A special place... The Isles of Scilly are one of only two places in England where Manx Shearwaters breed
Under threat...The Isles of Scilly hold 3,000 fewer pairs of breeding seabirds than 25 years ago
We need YOUR help to protect our important seabird heritage
The Isles of Scilly Seabird Recovery Project is one of the most recent (since one took place during winter 2015-2016 on the Shiant Islands) rat eradication project to take place in the UK, following successful eradications on other islands, including Lundy (Bristol Channel), Canna and Sanday (Inner Hebrides) and Ramsey (Pembrokeshire). Across the world, hundreds of islands are being restored in this way.
Rats were eradicated from Lundy Island in the Bristol Channel in 2004, with the island declared 'rat-free' in spring 2006 after a two-year 'all clear' was established. The project was run in partnership between the National Trust, the Landmark Trust, the RSPB and English Nature (now Natural England) and was carried out by Wildlife Management International Limited and many dedicated volunteers.
The results from Lundy have demonstrated what a powerful conservation tool island restoration can be. Bird surveys in 2013 found a ten-fold increase in Manx shearwater numbers to an estimated 3415 breeding pairs. The Manx shearwater population on the island now has nationally important status and Lundy now stands as one of the most important UK colonies for this magnificent bird. Lundy's other seabirds are now doing well too, with puffin numbers up from just five individuals to 80, while guillemot numbers almost doubled to over 4000 individuals and razorbills have increased from around 950 individuals to 1324.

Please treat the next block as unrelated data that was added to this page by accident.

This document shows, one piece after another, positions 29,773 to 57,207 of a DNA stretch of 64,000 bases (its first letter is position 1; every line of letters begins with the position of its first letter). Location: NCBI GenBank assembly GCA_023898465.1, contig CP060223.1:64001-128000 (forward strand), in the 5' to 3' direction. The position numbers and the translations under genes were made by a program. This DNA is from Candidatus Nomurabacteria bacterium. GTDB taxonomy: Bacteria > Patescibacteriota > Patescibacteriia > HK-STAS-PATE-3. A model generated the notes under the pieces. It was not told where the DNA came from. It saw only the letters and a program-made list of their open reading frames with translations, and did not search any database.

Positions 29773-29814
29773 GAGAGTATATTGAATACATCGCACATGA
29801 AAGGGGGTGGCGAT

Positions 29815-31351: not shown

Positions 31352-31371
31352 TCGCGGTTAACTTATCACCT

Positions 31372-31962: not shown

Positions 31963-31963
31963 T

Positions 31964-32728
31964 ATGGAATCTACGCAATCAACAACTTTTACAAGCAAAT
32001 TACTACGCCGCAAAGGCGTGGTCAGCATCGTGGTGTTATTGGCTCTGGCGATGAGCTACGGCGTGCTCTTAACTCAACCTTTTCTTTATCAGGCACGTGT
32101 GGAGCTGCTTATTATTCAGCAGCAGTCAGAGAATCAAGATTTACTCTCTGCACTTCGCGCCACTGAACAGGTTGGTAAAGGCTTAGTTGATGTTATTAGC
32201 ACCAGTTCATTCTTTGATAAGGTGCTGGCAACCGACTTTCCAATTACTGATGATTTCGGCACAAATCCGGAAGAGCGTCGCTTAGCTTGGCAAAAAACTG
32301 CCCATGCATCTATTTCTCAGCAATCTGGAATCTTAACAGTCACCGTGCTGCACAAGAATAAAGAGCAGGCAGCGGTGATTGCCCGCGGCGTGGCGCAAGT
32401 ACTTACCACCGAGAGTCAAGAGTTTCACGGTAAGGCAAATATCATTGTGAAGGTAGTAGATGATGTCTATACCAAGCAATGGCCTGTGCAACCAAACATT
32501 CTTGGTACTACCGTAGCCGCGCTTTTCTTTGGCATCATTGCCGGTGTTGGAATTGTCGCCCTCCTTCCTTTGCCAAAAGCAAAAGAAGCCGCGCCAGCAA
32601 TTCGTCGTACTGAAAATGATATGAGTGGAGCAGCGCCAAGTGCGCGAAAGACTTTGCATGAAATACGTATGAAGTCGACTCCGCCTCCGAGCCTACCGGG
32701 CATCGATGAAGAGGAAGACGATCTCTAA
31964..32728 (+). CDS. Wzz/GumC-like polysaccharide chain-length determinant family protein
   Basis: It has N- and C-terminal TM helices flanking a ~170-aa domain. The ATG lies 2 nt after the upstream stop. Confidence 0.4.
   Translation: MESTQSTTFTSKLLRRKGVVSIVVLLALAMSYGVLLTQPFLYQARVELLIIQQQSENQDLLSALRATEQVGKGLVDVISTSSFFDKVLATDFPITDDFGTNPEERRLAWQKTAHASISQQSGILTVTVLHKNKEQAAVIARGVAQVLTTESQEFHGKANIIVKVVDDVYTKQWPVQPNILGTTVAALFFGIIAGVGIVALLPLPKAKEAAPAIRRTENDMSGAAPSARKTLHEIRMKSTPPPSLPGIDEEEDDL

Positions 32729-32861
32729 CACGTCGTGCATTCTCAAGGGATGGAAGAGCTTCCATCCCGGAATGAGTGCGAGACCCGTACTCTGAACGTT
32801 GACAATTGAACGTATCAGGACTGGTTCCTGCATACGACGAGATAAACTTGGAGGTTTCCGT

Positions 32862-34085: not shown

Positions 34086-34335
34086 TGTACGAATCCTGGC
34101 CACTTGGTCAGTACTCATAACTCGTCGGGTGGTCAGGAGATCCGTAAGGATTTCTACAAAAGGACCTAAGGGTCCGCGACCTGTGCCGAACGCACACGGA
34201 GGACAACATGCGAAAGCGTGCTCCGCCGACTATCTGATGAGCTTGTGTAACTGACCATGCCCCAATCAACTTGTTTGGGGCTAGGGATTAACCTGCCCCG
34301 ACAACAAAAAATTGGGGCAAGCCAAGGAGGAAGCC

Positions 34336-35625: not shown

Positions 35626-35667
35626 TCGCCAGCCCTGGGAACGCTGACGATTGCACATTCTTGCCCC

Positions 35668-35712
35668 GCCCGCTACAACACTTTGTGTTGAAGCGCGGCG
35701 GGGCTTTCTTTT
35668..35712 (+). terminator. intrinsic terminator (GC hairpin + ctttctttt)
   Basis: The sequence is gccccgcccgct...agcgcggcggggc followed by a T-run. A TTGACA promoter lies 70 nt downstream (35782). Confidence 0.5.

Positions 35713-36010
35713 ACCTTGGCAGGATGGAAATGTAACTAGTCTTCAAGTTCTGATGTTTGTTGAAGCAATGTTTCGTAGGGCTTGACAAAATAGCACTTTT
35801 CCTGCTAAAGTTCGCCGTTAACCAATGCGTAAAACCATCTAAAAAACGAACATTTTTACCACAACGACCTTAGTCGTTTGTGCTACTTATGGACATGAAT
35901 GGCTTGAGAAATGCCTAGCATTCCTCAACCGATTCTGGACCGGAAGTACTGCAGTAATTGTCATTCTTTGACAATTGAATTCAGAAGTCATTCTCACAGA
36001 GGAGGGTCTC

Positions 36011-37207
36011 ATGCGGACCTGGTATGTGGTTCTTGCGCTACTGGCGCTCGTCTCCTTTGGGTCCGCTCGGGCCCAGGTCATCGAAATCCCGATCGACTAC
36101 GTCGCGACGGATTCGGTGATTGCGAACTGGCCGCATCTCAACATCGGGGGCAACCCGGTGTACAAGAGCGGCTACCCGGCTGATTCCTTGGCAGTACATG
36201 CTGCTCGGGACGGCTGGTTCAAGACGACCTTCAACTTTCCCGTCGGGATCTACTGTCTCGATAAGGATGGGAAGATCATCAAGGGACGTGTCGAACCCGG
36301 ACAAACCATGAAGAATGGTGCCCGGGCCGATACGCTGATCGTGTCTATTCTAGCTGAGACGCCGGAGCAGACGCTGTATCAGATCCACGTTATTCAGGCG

Islands are amazing for wildlife supporting 20% of plants and animals (vertebrates) yet occupying less than 5% of the land mass. This isolation has allowed a wide variety of unique species to develop but has left them vulnerable. About 64% of species listed by the IUCN (International Union of Nature Conservation) as extinct and 45% of critically endangered species live, or lived, on islands. Non native invasive species are considered to be the single most important reason for biodiversity loss on islands worldwide.
Island restoration projects covering a range of different non native invasive species is something that is now happening globally as people are recognising and tackling this issue to save their unique flora and fauna. Up to 2011 there have been 664 island restoration projects in 33 countries. In the UK there has been 10 successful rat removal projects to date including islands such as Ramsey in Wales, Canna in Scotland and Lundy in England.
The island restoration project on St Agnes and Gugh is the island with the largest community on whose rat population has been successfully tackled to date (as of writing in October 2017) in the world and the second largest in size in the UK. This project will help inspire other island communities globally to help tackle one of the greatest threats to life on Earth.